In 1998, you could practice your French in France

Natalie Campisi


In 1998, you could practice French in France. The new and old words were still distanced by water and paper and games of telephone.


It was the year of the Euro. The year of Kosovo. The year of Sampras and the Yankees.


The bus wobbled on steel-belted cartoon wheels toward Montpellier from Paris. Not Marseilles where they steal your money at knifepoint. We had little money and no credit cards and no gold to sell in a pinch.


In 1998, you relied on maps and eyes and lips and eyes.


In 1998, old lives couldn’t be accessed through an app and unrequited loves could remain in amber, forever lithe and limitless, forever Lotte — not living in Haddonfield with four kids and a mortgage.


<<Je voudrais deux billets, s’il vous plaît?>>


With paper maps and paper money, we packed on the packed bus with skinny people who mumbled grunts and slip n’ slide words, a potion of sweet and mildew. The wheel was too big for the driver’s hands. The mirror too small to see.


The faded baby blue bus was peeling-paint old.


The windows were trimmed in white and had curved corners.


A man pressed against me. I sent this postcard of the man pressing against me to my older self, and I received it — perhaps in the middle of the night — and realized he had assaulted me. He had pressed his body against mine on purpose. It wasn’t just a packed train. Assault is a big word when time gets between action. Too big. But, memory remains. I hated it.


I send a postcard back to my 22-year old self: “Push him away. Disez: Arrêtez! Arrêtez!”


But, no. It’s in amber now. The bus keeps moving.


In 1998, Montepellier was a college town. Probably still is. With old Roman light, and curved streets and corners that spiral around into other universes. A Pasolini dream of youth and sex and light and infinity.


Where was la plage? Où est la plage? Open sesame. Another bus, this one with kids our age. College kids. Skinny, loud college kids. Backpacks, not ergonomic like American backpacks, in mismatched colors — feminine, like this country.


Accidents are scientific phenomena that are caused by destiny. They are caused by magnets that pull us. Invisible air marshals. Waves that we hop on and ride by hunch, a temporary tunnel of force until we get to our destination.


Whoosh. Gasp. Ding. Palavas Les Flots! A spit of beach that was handspun out of blue cotton candy and pale yellow gauze.


A wave. A magnet. A marshal.


In 1998, the streets of Palavas are thin and lean.


Maybe it was late morning or late afternoon, it was late something. The end of some section of time. This is important. Because it was Sunday. And nothing is guaranteed on a Sunday. This is a rule of life.


The Sea and Cake Hotel was vertical and lean like a dancer who smoked.


And the windows, long and narrow and open, let through a breeze that blew sheer curtains toward us, the wind choosing a shape.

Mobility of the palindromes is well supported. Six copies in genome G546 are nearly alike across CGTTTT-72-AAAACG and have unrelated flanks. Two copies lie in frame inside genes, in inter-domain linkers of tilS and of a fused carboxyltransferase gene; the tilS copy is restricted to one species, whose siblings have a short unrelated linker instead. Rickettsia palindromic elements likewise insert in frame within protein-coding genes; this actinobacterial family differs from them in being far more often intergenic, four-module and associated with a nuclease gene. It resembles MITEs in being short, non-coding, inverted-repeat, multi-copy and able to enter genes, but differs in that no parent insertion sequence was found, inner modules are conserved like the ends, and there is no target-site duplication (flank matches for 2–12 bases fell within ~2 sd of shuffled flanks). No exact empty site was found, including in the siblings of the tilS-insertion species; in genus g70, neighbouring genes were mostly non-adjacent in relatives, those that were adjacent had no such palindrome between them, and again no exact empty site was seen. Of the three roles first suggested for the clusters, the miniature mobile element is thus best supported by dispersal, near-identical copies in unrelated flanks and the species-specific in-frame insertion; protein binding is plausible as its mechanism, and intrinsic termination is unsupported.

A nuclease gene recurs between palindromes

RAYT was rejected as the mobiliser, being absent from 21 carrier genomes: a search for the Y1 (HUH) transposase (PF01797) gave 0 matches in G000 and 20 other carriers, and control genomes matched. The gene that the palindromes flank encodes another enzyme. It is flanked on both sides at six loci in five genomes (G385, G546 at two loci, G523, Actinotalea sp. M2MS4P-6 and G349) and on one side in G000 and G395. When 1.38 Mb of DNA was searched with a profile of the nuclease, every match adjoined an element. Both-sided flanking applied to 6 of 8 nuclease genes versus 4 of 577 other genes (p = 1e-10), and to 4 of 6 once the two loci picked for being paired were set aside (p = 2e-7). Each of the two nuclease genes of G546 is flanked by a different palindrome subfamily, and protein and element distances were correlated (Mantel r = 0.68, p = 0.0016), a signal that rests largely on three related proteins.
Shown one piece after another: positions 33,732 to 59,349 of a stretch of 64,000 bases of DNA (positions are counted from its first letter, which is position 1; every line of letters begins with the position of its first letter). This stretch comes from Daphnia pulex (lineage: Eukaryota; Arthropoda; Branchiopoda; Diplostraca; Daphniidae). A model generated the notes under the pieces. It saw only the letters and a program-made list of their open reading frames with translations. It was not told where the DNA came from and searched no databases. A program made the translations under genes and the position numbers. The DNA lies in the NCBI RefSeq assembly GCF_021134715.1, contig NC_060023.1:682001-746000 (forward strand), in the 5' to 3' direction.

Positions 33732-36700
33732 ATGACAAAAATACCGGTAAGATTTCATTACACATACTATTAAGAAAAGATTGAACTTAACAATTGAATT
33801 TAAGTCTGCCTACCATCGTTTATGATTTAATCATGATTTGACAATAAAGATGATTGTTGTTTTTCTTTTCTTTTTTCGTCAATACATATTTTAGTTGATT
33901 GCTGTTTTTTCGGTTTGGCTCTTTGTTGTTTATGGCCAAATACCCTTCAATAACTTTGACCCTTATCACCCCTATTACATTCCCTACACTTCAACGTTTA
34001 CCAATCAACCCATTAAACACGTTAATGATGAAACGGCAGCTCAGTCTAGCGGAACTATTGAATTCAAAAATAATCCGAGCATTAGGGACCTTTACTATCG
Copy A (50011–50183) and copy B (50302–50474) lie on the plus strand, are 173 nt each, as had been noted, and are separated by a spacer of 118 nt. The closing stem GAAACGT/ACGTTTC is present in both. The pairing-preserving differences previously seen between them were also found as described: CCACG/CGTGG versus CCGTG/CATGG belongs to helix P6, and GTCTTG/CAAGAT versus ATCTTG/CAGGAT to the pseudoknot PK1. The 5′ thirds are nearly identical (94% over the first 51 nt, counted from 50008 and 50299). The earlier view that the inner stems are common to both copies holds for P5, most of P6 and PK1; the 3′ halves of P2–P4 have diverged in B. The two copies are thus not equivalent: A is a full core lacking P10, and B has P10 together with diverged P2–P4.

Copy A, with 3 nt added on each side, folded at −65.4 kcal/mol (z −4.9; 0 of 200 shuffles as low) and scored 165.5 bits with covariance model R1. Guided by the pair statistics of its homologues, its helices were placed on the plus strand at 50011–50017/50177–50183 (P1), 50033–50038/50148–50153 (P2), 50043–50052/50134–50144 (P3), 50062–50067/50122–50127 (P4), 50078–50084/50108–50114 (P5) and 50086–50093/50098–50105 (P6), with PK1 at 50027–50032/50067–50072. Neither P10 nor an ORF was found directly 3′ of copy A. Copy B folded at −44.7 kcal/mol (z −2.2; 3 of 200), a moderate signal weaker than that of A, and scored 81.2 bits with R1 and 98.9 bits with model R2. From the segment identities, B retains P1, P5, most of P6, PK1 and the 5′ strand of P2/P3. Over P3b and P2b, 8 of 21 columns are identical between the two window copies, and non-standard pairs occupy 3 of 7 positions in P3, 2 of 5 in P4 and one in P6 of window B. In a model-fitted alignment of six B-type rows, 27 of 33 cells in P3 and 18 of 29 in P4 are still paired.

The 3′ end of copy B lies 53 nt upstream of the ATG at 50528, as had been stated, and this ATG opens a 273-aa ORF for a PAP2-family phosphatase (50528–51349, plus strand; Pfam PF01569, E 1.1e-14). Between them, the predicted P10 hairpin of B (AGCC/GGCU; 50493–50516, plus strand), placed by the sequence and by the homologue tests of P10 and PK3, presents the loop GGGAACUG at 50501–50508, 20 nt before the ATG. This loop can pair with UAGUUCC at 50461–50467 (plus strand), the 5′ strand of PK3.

Let us take a moment to think about drapery. There is drapery meant to conceal. And drapery meant to adorn. And drapery meant to give dimension to the outside. A windowless frame provides a clear picture. A window provides a view with distortion. A sheer drape over a window on a frame provides a tease.


On the beach, the circles of young bodies hunch like hooks and smoke hashish rolled into small cigarettes with some tobacco mixed in. They motion and we sit.


Across the Atlantic is a blonde Hungarian disguised as an American. His skin is pink and his eyes are blue. His hair is curled, down to his shoulders. His teeth are big and his smile is venomous. He will go to Samoa. She will never send him a postcard when she’s older.


In 1998, under this vertical sky, under a happy film of hashish, the Hungarian in American accent has vanished. It’s just now.


A whirl of half-naked bodies pack into a small French car. It zooms sideways down beach-town roads.


The day would be the sea. The night would be homemade pastis: anise, licorice root, and boiled sugar poured into a bottle of vodka. Steaks and green beans. Ketchup for the Americans. A song about love. A song about AIDS. Kissing in French and speaking without words.


Sleeping bodies tangled up. Sleeping bodies on a beach. Sweetness in the breath that comes from the gut. Everything is smooth. Everything is bright.


In 1998, you could practice French in France. You could hang your underwear off a rucksack to dry. You could kiss sweet breath in $2 flip flops without feeling self conscious. You could be naked in the sea and know that this moment is Le Morne Brabant.


You can take it with you for later. There are always leftovers.




Natalie Campisi is a journalist and fiction writer currently residing in Los Angeles. She has been nominated for the Pushcart Prize in fiction and her work has appeared in the Chicago Tribune, Auburn Literary Journal, and Writer Magazine. She was recently awarded a writing scholarship to the Chautauqua Institution in New York. Currently, Natalie’s producing, directing and performing in a fully improvised play based on the work of Wes Anderson, which is running at ImproTheatre in Los Angeles.